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HMT Empire Windrush FL9448 cc wikicommonsThousands of men and women who arrived in the UK as children during the first wave of Commonwealth immigration now face being threatened with deportation.

The group, known as the Windrush generation – is named after the HMS Empire Windrush which, in 1948, brought workers from the West Indies to Britain.

Under the 1971 Immigration Act, all Commonwealth citizens already living in the UK (having arrived between 1948 and 1971) were given indefinite leave to remain but the Home Office did not keep a record of those granted leave to remain or issue any paperwork confirming it.

Read more: Government must put heart and soul into helping Windrush generation

Syria cc Freedom House Flicker bannerThe United Reformed Church is pressing the British government to avoid participating in any further military action in Syria and instead to urgently work with international partners to pursue peaceful solutions.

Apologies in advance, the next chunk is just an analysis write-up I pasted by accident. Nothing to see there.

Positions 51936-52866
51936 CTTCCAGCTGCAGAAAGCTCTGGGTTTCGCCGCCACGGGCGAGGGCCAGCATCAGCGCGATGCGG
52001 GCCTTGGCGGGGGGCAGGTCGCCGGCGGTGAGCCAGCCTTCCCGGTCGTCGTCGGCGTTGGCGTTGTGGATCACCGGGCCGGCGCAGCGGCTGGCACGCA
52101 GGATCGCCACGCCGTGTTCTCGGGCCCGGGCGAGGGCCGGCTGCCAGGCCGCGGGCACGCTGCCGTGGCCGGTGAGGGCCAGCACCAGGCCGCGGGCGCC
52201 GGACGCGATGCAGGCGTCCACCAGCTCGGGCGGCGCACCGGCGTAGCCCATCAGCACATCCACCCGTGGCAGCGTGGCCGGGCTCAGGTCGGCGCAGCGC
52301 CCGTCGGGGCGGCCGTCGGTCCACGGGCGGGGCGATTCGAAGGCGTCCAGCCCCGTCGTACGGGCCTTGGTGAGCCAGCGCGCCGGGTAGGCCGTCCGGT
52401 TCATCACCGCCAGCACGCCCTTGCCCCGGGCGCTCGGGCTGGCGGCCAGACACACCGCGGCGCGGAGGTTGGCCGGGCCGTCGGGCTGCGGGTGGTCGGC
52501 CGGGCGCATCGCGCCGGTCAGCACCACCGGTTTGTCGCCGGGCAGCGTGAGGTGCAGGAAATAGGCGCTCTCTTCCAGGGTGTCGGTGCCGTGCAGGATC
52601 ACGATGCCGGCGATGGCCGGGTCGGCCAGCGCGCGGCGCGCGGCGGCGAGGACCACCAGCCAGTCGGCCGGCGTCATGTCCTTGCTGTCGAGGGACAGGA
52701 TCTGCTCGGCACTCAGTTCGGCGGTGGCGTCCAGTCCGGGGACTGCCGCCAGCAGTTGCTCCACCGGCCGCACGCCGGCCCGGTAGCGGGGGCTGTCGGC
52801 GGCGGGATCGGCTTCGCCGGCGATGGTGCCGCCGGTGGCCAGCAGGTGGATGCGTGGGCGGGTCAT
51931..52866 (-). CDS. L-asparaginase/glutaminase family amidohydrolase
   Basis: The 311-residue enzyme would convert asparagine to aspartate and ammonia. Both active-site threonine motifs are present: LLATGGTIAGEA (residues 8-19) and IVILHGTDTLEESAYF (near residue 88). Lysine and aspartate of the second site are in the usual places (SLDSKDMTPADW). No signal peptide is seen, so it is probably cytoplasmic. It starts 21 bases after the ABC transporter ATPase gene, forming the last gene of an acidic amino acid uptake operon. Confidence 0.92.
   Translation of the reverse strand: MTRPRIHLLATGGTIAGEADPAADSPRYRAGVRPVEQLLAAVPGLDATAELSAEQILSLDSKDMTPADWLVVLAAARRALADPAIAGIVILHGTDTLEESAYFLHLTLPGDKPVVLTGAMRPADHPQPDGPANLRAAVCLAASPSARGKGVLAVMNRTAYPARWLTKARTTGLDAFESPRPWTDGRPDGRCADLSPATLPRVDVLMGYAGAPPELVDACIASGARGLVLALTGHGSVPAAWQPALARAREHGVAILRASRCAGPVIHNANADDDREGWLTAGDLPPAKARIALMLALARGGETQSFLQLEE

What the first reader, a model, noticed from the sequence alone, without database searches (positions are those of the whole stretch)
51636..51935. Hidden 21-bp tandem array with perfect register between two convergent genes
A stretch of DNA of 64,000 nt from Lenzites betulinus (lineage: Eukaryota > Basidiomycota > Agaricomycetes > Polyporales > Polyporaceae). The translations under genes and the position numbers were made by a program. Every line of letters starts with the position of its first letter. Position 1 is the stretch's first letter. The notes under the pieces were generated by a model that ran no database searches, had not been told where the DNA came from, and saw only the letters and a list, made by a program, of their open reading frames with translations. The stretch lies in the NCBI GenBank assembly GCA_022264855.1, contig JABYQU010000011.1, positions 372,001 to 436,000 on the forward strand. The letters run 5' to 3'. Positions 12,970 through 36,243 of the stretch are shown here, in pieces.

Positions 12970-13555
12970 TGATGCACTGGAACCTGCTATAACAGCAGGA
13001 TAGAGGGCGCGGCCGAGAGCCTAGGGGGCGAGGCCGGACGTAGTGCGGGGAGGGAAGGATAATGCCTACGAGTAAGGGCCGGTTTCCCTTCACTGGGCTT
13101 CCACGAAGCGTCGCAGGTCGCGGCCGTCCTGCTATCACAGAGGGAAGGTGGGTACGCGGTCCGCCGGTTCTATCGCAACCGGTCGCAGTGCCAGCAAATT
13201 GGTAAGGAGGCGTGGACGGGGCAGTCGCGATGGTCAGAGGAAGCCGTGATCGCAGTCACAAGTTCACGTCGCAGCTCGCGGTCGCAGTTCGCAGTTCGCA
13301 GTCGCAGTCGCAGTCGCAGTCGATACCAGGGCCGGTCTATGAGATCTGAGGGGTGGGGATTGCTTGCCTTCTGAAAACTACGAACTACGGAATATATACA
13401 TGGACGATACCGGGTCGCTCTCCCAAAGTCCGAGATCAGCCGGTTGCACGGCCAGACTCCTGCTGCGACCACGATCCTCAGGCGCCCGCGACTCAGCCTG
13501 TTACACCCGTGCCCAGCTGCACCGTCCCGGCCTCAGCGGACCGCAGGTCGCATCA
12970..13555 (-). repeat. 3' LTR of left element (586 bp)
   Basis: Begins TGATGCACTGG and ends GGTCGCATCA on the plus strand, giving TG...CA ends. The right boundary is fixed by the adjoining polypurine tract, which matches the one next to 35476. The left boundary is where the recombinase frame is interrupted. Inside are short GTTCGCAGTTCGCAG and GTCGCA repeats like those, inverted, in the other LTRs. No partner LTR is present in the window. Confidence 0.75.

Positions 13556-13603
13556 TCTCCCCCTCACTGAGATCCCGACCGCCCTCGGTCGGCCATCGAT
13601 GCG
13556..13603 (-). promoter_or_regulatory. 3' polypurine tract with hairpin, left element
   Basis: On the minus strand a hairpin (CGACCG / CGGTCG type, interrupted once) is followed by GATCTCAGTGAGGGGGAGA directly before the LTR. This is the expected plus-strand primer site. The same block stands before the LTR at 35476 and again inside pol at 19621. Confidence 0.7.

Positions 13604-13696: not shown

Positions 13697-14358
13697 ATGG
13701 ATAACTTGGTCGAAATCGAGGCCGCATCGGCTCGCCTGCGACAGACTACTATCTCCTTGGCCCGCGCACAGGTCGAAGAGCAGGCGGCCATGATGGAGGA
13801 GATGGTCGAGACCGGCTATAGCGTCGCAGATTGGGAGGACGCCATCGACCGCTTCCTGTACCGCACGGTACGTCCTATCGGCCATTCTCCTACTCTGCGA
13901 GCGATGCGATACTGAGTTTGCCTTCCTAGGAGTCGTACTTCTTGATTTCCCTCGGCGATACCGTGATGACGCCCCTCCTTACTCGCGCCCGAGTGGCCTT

Early on the morning of Saturday 14 April 2018, the UK joined the US and France in bombing government sites in Syria, targeting chemical weapons facilities.

The move was in response to a chemical attack launched by forces loyal to Syria’s President Bashar al-Assad on 7 April where scores of innocent people were killed or injured.

Read more: United Reformed Church condemns military action in Syria

News banner Derek and JaneA special gathering was held on 11 April for staff from the United Reformed Church’s London office to meet all the residents of ‘The Nest’ – the top floor of Church House.

Greenbelt moved into The Nest in September, followed by The Trussell Trust’s external affairs department in January, and have since been joined by Street Child United, Single Friendly Church and the UK branch of International Justice Mission, described as the largest anti-slavery charity in the world.

Read more: Charity residents nest into Church House’s social impact hub

Mal Breeze group bAccording to White Fright: Divided Britain, a BBC Panorama programme aired in January 2018, Blackburn is a community segregated along ethnic and religious lines.

Panorama first visited the Lancashire town, made up of around 100,000 British white people and 40,000 British Asians, in 2007 to report on how the community was integrating. It returned 10 years later with a critical report of an increasing socially segregated area, described as a ‘national crisis’.

Read more: CRCW fights back against BBC Panorama’s negative portrayal of town